Fans worldwide will witness the ultimate clash of the MCU (Marvel Cinematic Universe) titans in Captain America: Civil War this Friday. Captain America and his fellow superheroes will fight Iron Man and his followers, and the consequences are bound to be epic.
At the same time, many would love to know the real story behind the all-out war in the MCU? That’s why to explore deeper, the studio has released a new featurette.
According to Screenrant, the short feature provides a quick summary of Civil War’s provocative events. Star Chris Evans ( played Captain America) and executive producer Nate Moore start the feature by explaining Steve Rogers’ background with Bucky Barnes. They point out how he has always kept an eye out for the once-skinny Rogers. Their shared film, The Winter Soldier, laid the supporting factors for the initial split, which instigates Civil War. It shows Cap’s attachment to his sometimes-wayward friend. Even though Civil War is about the Avengers, eventually it also highlights the story about the friendship between Barnes and Rogers.
In the second main segment of the featurette, Marvel guru Kevin Feige, and the film’s directors, James and Anthony Russo, explore the Sokovia Accords and the escalation into Civil War. It is clarified that as the collateral damage from the Avengers’ conflicts accumulates, many of the world’s governments band together to hold these super-humans responsible. Fresh off of his troubles with HYDRA masquerading as S.H.I.E.L.D. and the World Security Council trying to nuke NYC, Cap is suspicious of authority figures. And his anti-Registration sentiments will disagree with Iron Man’s guilt over the human cost, Screenrant reveals.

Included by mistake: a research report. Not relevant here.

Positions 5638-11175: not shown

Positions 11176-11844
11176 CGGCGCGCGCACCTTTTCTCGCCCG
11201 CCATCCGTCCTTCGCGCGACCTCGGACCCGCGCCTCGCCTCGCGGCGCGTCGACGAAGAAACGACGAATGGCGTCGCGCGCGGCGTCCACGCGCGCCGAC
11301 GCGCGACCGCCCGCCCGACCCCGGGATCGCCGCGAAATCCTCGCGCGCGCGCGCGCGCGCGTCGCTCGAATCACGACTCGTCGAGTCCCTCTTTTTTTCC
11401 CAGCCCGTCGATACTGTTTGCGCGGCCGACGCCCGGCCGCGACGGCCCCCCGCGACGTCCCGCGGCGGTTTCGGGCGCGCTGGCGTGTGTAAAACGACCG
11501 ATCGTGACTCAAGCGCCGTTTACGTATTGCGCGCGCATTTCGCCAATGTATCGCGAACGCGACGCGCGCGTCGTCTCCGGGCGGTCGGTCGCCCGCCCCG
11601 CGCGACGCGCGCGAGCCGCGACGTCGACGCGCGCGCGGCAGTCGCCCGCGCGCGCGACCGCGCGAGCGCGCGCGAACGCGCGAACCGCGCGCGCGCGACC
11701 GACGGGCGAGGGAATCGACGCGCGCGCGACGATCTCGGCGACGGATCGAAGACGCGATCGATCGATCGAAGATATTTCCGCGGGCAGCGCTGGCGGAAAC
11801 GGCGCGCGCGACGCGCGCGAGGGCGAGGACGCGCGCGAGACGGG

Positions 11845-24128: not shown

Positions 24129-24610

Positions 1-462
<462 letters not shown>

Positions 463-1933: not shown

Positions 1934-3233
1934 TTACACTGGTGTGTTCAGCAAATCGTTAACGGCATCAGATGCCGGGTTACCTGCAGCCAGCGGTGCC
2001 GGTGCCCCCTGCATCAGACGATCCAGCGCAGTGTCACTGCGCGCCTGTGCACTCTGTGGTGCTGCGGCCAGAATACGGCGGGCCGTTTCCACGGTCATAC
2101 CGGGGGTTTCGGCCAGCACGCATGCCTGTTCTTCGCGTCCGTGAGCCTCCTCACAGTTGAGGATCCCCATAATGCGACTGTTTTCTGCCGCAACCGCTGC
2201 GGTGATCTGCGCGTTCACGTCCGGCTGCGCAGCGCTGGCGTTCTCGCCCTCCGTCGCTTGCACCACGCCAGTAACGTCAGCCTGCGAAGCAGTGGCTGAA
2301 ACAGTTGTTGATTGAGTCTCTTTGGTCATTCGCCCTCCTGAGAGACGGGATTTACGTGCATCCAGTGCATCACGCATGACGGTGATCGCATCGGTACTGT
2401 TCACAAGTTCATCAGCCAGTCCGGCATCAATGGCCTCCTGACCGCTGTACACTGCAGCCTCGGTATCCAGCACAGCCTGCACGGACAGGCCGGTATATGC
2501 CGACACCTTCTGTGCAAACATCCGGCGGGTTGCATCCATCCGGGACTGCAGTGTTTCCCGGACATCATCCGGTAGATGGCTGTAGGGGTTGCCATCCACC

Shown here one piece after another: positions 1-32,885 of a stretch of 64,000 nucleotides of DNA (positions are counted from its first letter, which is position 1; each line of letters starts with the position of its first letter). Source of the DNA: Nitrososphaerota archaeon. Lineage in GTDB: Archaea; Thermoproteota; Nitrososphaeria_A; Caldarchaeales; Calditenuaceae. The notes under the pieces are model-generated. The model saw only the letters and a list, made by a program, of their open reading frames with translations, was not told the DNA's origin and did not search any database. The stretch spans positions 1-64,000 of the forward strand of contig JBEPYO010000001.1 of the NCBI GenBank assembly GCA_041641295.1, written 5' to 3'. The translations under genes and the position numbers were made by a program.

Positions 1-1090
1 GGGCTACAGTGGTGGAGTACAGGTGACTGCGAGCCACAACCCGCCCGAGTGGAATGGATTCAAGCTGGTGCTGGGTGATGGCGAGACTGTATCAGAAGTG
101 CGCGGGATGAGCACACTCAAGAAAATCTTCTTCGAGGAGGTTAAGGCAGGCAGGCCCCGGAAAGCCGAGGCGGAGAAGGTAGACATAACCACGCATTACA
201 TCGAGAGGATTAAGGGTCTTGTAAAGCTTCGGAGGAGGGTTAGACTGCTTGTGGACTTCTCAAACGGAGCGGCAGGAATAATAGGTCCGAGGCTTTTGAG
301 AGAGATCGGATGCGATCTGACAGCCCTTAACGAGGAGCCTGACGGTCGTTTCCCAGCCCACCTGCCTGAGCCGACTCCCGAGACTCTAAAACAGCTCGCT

As the Russo Brothers explore in the last section, part of the challenge of making Civil War was creating a many-sided clash. Fans already recognize and love many of these characters from their previous links with the MCU. So, showing a split between the already contentious superhero team wouldn’t be too tricky. However, having a clear villain would weaken the challenging story-line and simplify what is, in essence, an interesting reflection of the political differences and personal moralities of a complex world.
Since the reviews are generally positive up till now, it appears the team Civil War have succeeded in making a great superhero movie. We hope that the MCU will continue this thread of intelligent comic book big-screen adaptations, especially to entertain the long-time fans of the series.
Captain America: Civil War opens in theaters on May 6.